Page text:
How have the sands of today’s hourglass slipped away without my creaky content making its appearance? ‘Tis the season.
On Saturday, November 25, the Chamber of Kennebunk, Kennebunkport, and Arundel hosted a Pajama Shopping Day. When I first saw it online, I was horrified. Then, I was intrigued. I looked at the participating businesses and realized I could get a free cup of coffee at H.B. Provisions and some deep discounts on letterpress cards at Ink & Thistle Press.
But wearing pajamas in public? Readers here know how I feel about “Hobo Couture.”
Readers also know I love letterpress printing.
I rifled through my sleepwear and looked honestly at my leopard print bathrobe. Was there a way to elevate hobo couture to a new level with style and grace?
I thought the scene would resemble the fabled “Running of the Bulls” in Pamplona, Spain. I was disappointed. Nary a flannel-clad shopper could be seen and I inadvertently sat at a regular’s table at H.B. Provisions.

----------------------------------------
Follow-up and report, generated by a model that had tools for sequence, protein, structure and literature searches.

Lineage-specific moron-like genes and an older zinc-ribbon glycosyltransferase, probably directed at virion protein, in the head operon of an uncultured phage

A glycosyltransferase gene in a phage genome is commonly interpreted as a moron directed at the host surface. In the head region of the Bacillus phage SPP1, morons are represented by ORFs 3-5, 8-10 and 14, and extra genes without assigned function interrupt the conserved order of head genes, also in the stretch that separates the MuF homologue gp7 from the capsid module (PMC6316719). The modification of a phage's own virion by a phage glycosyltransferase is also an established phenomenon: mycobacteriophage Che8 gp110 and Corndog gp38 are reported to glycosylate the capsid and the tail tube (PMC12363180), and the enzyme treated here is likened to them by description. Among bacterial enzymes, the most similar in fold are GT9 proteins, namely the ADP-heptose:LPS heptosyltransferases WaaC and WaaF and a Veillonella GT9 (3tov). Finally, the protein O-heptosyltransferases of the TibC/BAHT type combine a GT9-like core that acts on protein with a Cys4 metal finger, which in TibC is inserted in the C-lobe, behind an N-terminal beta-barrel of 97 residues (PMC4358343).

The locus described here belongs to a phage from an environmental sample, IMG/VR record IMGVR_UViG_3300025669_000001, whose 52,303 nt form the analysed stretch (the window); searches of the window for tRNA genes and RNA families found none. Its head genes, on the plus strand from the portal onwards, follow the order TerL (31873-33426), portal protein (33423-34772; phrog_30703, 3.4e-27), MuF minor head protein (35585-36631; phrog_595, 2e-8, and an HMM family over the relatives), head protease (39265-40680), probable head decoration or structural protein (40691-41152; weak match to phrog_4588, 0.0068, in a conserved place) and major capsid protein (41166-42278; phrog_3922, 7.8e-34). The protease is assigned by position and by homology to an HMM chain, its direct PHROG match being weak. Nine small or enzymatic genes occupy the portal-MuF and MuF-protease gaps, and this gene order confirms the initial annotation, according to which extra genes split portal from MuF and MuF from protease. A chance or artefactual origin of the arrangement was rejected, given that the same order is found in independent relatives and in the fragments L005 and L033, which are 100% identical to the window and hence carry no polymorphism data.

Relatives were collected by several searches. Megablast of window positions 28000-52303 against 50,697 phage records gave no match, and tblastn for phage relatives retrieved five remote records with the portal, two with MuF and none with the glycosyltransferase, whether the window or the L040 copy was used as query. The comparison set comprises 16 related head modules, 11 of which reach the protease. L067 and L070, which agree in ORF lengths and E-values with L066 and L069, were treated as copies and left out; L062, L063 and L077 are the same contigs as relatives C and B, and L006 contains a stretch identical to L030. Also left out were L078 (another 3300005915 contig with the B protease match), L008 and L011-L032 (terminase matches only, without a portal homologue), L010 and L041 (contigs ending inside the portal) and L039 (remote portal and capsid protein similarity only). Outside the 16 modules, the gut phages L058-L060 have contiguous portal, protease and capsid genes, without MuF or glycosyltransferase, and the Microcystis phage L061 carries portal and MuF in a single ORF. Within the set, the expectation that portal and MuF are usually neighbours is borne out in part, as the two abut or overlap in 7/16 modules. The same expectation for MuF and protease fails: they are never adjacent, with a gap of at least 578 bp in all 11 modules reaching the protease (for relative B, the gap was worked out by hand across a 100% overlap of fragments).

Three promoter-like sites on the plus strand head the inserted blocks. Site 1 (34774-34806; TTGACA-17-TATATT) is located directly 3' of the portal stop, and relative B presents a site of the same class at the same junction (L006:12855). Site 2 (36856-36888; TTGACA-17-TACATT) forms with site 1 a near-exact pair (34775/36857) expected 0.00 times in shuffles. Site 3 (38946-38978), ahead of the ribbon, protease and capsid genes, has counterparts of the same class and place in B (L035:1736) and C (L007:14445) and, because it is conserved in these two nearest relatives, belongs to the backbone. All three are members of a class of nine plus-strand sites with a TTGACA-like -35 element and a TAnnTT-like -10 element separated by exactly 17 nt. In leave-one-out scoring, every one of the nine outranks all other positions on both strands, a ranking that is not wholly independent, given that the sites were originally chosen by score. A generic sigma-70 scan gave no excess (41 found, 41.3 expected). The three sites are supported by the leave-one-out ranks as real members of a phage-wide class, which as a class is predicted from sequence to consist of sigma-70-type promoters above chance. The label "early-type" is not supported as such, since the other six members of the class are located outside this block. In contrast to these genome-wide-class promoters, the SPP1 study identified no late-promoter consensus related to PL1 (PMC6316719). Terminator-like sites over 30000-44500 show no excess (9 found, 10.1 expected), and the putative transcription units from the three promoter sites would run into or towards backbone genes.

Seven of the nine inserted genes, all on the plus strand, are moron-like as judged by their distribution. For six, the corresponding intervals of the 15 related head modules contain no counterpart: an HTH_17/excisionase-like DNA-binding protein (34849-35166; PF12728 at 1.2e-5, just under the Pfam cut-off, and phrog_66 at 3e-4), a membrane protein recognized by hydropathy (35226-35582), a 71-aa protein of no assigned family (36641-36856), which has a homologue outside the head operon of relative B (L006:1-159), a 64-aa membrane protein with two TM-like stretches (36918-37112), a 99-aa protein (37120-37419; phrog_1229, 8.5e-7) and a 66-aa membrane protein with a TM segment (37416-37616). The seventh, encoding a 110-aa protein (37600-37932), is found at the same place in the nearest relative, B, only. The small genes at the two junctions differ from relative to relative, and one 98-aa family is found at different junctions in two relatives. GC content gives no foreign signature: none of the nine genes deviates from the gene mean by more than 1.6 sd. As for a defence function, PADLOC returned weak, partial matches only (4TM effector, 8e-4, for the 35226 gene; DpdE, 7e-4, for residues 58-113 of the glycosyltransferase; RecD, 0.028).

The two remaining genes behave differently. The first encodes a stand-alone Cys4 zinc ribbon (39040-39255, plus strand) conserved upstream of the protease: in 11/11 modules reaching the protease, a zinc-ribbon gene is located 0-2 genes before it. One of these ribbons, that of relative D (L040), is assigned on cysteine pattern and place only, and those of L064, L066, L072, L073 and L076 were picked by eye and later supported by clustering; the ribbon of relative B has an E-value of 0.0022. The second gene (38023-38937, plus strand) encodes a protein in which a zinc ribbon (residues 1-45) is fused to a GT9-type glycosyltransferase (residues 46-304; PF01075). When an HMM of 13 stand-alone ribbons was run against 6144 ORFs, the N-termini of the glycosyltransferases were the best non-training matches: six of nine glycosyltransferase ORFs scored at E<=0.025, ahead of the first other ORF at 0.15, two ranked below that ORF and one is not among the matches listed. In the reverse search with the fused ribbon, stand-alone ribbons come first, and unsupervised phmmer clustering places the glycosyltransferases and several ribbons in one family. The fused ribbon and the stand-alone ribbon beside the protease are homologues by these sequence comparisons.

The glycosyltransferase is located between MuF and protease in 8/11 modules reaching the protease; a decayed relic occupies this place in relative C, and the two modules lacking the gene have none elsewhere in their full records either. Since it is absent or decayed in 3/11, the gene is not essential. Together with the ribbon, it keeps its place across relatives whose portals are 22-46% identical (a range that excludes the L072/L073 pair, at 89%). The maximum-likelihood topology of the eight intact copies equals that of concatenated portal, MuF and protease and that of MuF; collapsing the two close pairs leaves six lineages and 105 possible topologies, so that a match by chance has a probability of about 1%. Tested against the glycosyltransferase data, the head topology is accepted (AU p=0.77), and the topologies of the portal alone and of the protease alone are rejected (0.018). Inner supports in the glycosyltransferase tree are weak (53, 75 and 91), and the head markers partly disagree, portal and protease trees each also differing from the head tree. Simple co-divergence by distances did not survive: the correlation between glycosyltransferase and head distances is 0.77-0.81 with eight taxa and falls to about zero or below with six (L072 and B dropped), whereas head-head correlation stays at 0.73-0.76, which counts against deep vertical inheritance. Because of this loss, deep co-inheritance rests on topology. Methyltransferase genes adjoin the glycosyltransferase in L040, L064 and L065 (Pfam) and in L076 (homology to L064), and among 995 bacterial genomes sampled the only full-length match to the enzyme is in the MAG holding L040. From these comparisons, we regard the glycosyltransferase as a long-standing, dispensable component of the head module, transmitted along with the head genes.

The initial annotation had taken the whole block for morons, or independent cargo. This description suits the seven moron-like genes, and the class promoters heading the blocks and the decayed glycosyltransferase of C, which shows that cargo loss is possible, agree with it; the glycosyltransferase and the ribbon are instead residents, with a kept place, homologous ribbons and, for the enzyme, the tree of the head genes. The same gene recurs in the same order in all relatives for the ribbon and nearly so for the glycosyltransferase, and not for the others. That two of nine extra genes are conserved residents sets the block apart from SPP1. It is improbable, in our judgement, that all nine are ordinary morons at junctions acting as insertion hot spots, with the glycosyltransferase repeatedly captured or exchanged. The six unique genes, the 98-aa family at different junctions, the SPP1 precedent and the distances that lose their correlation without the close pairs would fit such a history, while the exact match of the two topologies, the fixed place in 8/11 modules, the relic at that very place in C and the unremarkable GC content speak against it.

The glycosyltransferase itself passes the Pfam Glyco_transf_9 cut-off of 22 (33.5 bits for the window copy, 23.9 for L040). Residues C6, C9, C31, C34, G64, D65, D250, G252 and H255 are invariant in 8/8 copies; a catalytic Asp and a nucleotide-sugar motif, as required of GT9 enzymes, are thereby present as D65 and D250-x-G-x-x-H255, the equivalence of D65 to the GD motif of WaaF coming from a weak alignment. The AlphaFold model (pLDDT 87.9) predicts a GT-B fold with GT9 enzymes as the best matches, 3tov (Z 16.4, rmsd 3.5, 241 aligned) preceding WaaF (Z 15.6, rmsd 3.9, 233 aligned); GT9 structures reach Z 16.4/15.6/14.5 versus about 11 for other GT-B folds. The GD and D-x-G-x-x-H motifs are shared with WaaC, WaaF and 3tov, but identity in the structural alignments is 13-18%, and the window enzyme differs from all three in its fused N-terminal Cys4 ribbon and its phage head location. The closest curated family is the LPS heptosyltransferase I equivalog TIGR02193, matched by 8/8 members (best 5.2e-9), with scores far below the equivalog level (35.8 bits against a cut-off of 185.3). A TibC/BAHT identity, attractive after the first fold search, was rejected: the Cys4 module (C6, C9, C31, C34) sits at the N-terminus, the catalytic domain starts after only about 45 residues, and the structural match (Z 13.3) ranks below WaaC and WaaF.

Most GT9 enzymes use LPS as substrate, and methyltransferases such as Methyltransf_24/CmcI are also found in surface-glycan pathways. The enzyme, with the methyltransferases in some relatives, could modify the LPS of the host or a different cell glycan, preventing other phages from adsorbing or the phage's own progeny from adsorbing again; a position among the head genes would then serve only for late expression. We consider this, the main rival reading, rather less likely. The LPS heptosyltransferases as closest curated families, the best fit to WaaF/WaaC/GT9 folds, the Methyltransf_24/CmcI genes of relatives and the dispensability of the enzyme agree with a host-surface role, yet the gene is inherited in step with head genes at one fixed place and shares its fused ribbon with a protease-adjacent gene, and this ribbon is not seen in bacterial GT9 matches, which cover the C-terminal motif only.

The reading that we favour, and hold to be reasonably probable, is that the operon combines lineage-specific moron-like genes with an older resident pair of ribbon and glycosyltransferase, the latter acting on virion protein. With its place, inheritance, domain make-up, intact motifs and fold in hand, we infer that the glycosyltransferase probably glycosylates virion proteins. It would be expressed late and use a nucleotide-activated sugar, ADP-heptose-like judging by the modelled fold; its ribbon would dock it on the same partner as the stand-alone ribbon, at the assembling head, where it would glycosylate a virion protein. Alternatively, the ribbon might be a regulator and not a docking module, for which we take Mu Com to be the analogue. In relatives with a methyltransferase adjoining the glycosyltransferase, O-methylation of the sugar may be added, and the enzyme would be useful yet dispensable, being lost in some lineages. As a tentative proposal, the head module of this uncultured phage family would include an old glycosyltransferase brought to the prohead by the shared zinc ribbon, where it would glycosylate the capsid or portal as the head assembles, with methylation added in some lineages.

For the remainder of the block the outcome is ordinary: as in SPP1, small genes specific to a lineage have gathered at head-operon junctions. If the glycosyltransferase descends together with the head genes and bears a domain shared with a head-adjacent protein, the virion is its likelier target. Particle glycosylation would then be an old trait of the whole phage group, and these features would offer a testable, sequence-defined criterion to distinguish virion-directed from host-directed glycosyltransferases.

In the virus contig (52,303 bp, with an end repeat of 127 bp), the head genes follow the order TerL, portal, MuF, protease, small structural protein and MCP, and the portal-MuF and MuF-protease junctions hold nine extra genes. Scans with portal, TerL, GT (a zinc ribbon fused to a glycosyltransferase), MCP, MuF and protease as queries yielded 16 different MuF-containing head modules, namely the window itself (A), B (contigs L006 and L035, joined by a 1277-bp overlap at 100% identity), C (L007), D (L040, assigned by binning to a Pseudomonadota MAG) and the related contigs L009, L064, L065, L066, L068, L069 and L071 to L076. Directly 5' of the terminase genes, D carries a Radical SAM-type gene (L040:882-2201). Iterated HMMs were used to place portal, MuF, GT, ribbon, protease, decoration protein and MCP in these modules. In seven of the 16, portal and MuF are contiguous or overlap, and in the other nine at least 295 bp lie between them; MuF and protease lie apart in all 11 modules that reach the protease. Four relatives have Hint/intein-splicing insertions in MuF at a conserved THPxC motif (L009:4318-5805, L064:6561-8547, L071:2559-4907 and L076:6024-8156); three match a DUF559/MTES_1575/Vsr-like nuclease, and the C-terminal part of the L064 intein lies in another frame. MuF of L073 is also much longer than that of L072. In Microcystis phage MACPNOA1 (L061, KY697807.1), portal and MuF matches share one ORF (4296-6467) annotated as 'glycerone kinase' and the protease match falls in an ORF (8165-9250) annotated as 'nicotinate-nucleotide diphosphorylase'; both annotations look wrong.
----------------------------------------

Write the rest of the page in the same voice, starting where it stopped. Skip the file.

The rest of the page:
It all worked out, I got my letterpress cards, some free coffee and a half-price lobster omelette. I took a “selfie” at an iconic tourist location and then motored home.
This morning in the Lewiston Sun Journal, reporter Mark LaFlamme wrote a funny article in his “Street Talk” column. It was called “Dressed for success: I hate that.” He was recently quizzed at a crime-scene about his identify as a reporter based on his attire. He said “I don’t dress purty, yo.”
In classic LaFlamme style, he outlined why it’s difficult to cover the news wearing a starched shirt and tie. He said “the problem with being a newspaper reporter is that unless you’re a firmly entrenched State House reporter or something godawful like that, you don’t know from one minute to the next what assignment will fall with a plop onto your plate. Will I be sent to cover a school committee meeting tonight? Or will I be required to elbow crawl through a swamp to adequately cover an armed standoff out in West Canker Sore?”
LaFlamme has his Carhartt and I have my leopard print bathrobe. We do what we must to get our stories.